About

Photo on 9-5-14 at 12.05 PM #2

I was born in Valparaiso, Indiana. My mother is an immigrant from India. My father is African-American and grew up in South Carolina and New York City. I have one sister and two nephews.

I moved to New Orleans to attend Tulane University when I was 18 and lived there for most of my adult life. Time away from New Orleans has included: Ghana (studying abroad), New Haven (law school at Yale), Sierra Leone (working at a war crimes tribunal), India (working with the Tibetan Government In-exile), and San Francisco, where I currently live.

I was part of the founding team, and eventually became CEO, of New Schools for New Orleans. In this role, I helped build the nation’s first school system where over 90% of students attend charter schools. As a result of this structural transition, New Orleans students are achieving at the highest levels in decades. A recent study found these reforms to have achieved a .2-.4 effect size, an effect previously unseen in city based reform.  Yet, despite this growth, the school system is far from excellent.

Currently, I’m a Senior Fellow at the John and Laura Arnold Foundation and CEO of the Hastings Fund.

This blog represents my views only.

8 thoughts on “About

  1. Pingback: About | danielgohl

  2. Pingback: Netflix chief announces $100 million fund for education – Washington Post | American Online Colleges

  3. Puget Sound Parent

    Mr. Kingsland: I intend no personal slight here, nor do I mean to be acrimonious but your “work” is reprehensible. You may be a good guy and a decent human being, but your actions, judgments and values are indicative of a sickening privatizer mentality.

    Your postings about the “gains” made by the charter “schools” in New Orleans are highly mendacious and deliberately deceptive.

    You define the word “sellout” and you’re shamefully joining up with those who consciously and intentionally are denying average, working people the right to organize in their workplace; a fundamental human right recognized by every human rights convention since the Holocaust.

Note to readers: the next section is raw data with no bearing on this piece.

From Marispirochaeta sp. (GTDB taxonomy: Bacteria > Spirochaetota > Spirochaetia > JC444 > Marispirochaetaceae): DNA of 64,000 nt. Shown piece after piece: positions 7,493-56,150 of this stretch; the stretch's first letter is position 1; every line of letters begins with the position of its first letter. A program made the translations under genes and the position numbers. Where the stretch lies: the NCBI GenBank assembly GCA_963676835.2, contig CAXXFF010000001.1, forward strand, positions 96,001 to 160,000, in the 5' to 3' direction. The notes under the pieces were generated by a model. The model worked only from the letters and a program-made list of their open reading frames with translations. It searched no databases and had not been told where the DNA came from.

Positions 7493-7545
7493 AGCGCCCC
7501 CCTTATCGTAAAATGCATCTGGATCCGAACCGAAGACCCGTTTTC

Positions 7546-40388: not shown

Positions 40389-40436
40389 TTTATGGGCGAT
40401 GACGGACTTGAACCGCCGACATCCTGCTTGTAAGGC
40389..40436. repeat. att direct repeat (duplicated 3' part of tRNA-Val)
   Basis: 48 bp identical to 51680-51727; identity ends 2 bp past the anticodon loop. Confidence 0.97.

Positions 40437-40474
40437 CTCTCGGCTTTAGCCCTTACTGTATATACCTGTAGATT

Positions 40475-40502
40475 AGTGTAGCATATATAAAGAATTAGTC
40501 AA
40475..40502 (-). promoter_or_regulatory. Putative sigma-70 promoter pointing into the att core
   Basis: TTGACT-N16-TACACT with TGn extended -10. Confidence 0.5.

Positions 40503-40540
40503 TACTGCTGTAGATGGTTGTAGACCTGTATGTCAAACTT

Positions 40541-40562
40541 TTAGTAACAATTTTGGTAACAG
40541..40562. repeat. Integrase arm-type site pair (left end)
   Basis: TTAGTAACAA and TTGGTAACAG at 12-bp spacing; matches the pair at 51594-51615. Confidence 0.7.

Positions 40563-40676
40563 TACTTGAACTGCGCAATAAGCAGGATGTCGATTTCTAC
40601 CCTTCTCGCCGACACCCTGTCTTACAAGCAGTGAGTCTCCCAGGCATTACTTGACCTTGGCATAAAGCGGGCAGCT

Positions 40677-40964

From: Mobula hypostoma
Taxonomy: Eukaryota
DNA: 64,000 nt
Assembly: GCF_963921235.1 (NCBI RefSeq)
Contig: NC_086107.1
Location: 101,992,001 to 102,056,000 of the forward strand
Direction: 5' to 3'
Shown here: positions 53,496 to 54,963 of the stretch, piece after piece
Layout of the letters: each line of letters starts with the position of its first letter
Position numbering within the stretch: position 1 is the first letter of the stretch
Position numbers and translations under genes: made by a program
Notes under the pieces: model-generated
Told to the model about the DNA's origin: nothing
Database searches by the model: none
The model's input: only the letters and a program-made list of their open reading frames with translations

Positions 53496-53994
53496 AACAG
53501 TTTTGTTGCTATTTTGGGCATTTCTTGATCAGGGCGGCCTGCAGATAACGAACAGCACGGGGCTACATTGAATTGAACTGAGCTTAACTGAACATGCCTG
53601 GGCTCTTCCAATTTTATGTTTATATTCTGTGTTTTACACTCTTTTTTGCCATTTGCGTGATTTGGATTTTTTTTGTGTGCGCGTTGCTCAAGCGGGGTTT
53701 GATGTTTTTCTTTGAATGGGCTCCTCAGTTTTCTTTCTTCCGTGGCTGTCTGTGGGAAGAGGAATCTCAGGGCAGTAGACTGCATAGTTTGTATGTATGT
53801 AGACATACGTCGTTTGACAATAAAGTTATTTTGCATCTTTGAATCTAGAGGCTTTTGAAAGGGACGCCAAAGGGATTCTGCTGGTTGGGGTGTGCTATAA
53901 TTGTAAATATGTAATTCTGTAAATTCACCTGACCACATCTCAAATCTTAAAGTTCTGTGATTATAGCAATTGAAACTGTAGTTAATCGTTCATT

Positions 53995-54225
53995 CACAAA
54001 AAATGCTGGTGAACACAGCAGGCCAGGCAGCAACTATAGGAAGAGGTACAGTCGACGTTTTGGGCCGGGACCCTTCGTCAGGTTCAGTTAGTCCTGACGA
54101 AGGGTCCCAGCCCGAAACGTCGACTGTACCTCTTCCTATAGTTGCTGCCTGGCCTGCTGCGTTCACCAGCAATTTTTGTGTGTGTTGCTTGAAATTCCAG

Shame on you.

    Now, you’ve accepted the job of “Intellectual Bagman” A.K.A. “Obsequious Shill,” doing Reed Hastings’ dirty work in a dirty war to phase out our public schools and eliminate publicly elected school boards.

    Do you think we’re unaware of The Internet? Or YouTube? Did you and your source of $$$ just forget that we can view Mr. Hastings gleefully tell people how he plans to trick the “dumb public” into letting him do away with taxpayer and citizen control of our public schools? Is Mr. Hastings obtuse on some fundamental level, or just arrogant to the point of being delusional? For a Bowdoin and Stanford graduate, he certainly has a stupid side.

    And you—another academically gifted individual—is lining up to sell your soul for a few pieces of silver. I feel sorry for you and the bad associations that will forever be linked to your family name.

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  4. Pingback: Netflix chief announces $100 million fund for education - Washington Post | KWOTABLE

  5. Theis Clarke

    Congratulations Neerav! This is great. I for one think the author of the previous comment is somewhat overstating how much of a monster you are. Judas Iscariot? sure. But bringing up the Holocaust might be a stretch. Plus, anyone who has to put quotes around dumb public clearly isn’t up on his PT Barnum. Good luck with the new job, and it’s fun to see old classmates making good.

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  6. Dr. Argus